many people [of whom, he implies, I am one] refuse to believe in God not because of the evidence, but because they don't want to be accountable to a higher power's set of moral standards...also [they] don't want an answer to life's many "big questions"' because then they would be forced to act. However, if they allow themselves to be stuck in a state of "analysis paralysis"' then they can continue on with their life. People in general resist change. So it's no wonder that they ignore or disbelieve things that would cause them to change.
So, I'm trying to make it easy for myself, is that what I'm doing? Would someone who knows me a bit better than Brandon does (after a cursory look at a few of my posts) care to comment on this?

Brandon goes on to demonstrate that he himself has taken the leap. He adduces a number of proofs from the Bible that God isn't at all evil, it's man himself and Satan!
Why must God be evil? The Bible says that man has dominated man to his injury. (Ecclesiastes 8:9)

Also, if you remember the account of Job, it was Satan, not God, who did those evil things to Job. Also note what James 1:13 says: "When under trial, let no one say: 'I am being tried by God.' For with evil things God cannot be tried nor does he himself try anyone."
Brandon suggests that I could ask a better question:
Why does God permit evil, whether it be Satan or wicked people?
And he even supplies the answer:
The answer is that He will not let it continue indefinitely.
And just a little while longer, and the wicked one will be no more;
And you will certainly give attention to his place, and he will not be.

But the meek ones themselves will possess the earth,
And they will indeed find their exquisite delight in the abundance of peace. (Psalms 37:10-11)
The reason He is allowing it now is so that man can try to rule himself. Remember that in the Garden of Eden man and Satan challenged God's right to rule and [asked?] whether men can or should rule themselves. So He is permitting [men to rule themselves] so that that issue will be settled once and for all. Would it be just for God just to kill Adam and Eve and start over? Wouldn't God look like a tyrant then? Remember that there were angels watching this, and doing so would have just given Satan's claims weight.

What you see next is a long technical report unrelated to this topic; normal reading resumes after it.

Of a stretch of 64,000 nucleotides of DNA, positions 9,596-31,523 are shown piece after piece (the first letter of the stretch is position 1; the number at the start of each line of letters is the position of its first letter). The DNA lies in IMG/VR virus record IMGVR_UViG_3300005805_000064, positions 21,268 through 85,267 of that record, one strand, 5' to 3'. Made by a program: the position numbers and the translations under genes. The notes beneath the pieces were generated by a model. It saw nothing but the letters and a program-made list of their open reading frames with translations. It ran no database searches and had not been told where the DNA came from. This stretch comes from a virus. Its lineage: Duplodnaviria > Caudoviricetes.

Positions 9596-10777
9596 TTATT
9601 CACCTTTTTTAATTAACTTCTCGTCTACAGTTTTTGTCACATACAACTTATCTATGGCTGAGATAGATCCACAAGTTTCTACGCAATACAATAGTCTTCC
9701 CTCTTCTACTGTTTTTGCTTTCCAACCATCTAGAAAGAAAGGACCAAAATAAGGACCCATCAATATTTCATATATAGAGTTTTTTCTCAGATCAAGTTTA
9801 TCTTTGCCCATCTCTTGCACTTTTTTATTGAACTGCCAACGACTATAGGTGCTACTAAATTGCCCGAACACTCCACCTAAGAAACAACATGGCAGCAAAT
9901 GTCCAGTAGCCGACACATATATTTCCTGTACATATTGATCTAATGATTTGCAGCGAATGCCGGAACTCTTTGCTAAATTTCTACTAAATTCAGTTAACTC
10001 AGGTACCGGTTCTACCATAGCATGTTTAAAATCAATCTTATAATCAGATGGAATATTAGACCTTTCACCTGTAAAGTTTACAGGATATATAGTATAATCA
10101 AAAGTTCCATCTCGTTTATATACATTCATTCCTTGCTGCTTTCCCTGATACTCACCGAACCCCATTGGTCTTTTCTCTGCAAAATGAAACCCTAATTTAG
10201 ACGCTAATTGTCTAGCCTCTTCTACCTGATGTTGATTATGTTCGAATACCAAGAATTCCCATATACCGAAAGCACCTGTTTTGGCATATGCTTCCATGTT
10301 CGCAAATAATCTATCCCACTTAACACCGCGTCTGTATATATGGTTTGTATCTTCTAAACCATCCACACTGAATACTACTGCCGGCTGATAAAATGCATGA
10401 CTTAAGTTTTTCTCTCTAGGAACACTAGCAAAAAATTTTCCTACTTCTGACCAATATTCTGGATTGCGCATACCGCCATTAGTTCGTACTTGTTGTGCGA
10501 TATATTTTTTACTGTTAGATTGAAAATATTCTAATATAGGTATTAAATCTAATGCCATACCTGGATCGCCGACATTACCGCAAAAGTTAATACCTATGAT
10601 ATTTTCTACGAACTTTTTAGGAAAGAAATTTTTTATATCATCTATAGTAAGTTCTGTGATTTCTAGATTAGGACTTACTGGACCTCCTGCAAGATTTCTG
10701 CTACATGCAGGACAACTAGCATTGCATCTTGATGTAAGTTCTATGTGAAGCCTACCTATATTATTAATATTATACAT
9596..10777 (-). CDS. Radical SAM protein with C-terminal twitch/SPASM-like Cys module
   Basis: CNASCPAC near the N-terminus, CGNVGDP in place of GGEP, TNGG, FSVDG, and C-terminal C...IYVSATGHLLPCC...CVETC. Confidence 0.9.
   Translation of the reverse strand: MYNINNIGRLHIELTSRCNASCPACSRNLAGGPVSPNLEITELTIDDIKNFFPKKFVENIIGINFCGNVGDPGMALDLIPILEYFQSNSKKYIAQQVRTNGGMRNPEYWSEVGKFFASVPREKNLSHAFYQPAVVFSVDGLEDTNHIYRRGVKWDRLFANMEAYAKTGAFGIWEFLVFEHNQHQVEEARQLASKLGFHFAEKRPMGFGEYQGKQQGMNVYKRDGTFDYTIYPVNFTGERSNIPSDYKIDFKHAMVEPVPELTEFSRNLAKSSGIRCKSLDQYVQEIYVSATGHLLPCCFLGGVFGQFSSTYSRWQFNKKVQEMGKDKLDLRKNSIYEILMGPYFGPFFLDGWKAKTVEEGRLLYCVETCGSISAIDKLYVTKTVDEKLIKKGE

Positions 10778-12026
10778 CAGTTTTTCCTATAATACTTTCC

Brandon asks me (with a straight face, I'm sure):
What do you think about all this?
Well, I really hesitate to say, but my muse offers a limerick:
There was a Bible-quoting J's Witness
Who indicted my faithful unfitness;
    "Open your eyes and read," pled he,
    "God's plan is there for all to see!
You paralyzed and lazy God's witless!"

Sunday, March 4, 2007

"Problems will always torment us..."

...wrote Arthur [Bancroft] M. Schlesinger, Jr. (1917-February 28, 2007),
because all important problems are insoluble: that is why they are important. The good comes from the continuing struggle to try and solve them, not from the vain hope of their solution.
On Friday, in a comment on the problem of evil, I myself wrote about one important problem:
I meant to contrast my "wide-eyed sobriety" with a person's typical wistfulness when it comes to God (and to most everything else important); that is, we typically believe what we want to believe.
Do we tend to believe what we want to believe when it comes to such problems just in order to avoid that "continuing struggle to try and solve them"? The continuing struggle in my case seems to have resulted in my somber disillusionment, to quote my friend Tom Sheepandgoats's comment on the "problem of evil" post.

Tom offers me a way to get around the impasse of this particular one of Schlesinger's insoluble important problems—the problem whether God (if God exists) is both good and evil. He suggests that I assent to the Jehovah's Witnesses' contention that the Bible shows that we humans (and other animals? I asked Tom) were intended to live forever, which I take it the Jehovah's Witnesses interpret as meaning that we, in fact, do live forever—that is, that we will be miraculously resurrected and find that our suffering and death here on earth were illusions and we didn't suffer that much, really, however many times we may have been raped and stabbed or whatever, and that God really was totally good after all.

I am skeptical that Tom and the Jehovah's Witnesses have found by their Biblical interpretation a reliable way to avoid Schlesinger's vain hope. Of course they have found a way to avoid it, but you've probably already guessed that I can't share their solace, for I doubt that their interpretation is reliable.

I can already hear Tom ask, "Well, would you like to remove your doubt by studying the text and our interpretation of it?" In asking that, he would be challenging me to put up or admit that I don't so much doubt the interpretation as assume that it's wishful thinking and inherently unreliable.

Am I putting too much faith in Schlesinger's contention (by implication) that this problem is and must remain insoluble? Is this skeptic's faith any better than the faith of the believer that "whatever the Bible [or the Quran or the Book of Mormon or some other book held to be 'God's word'] says is so must therefore be so"?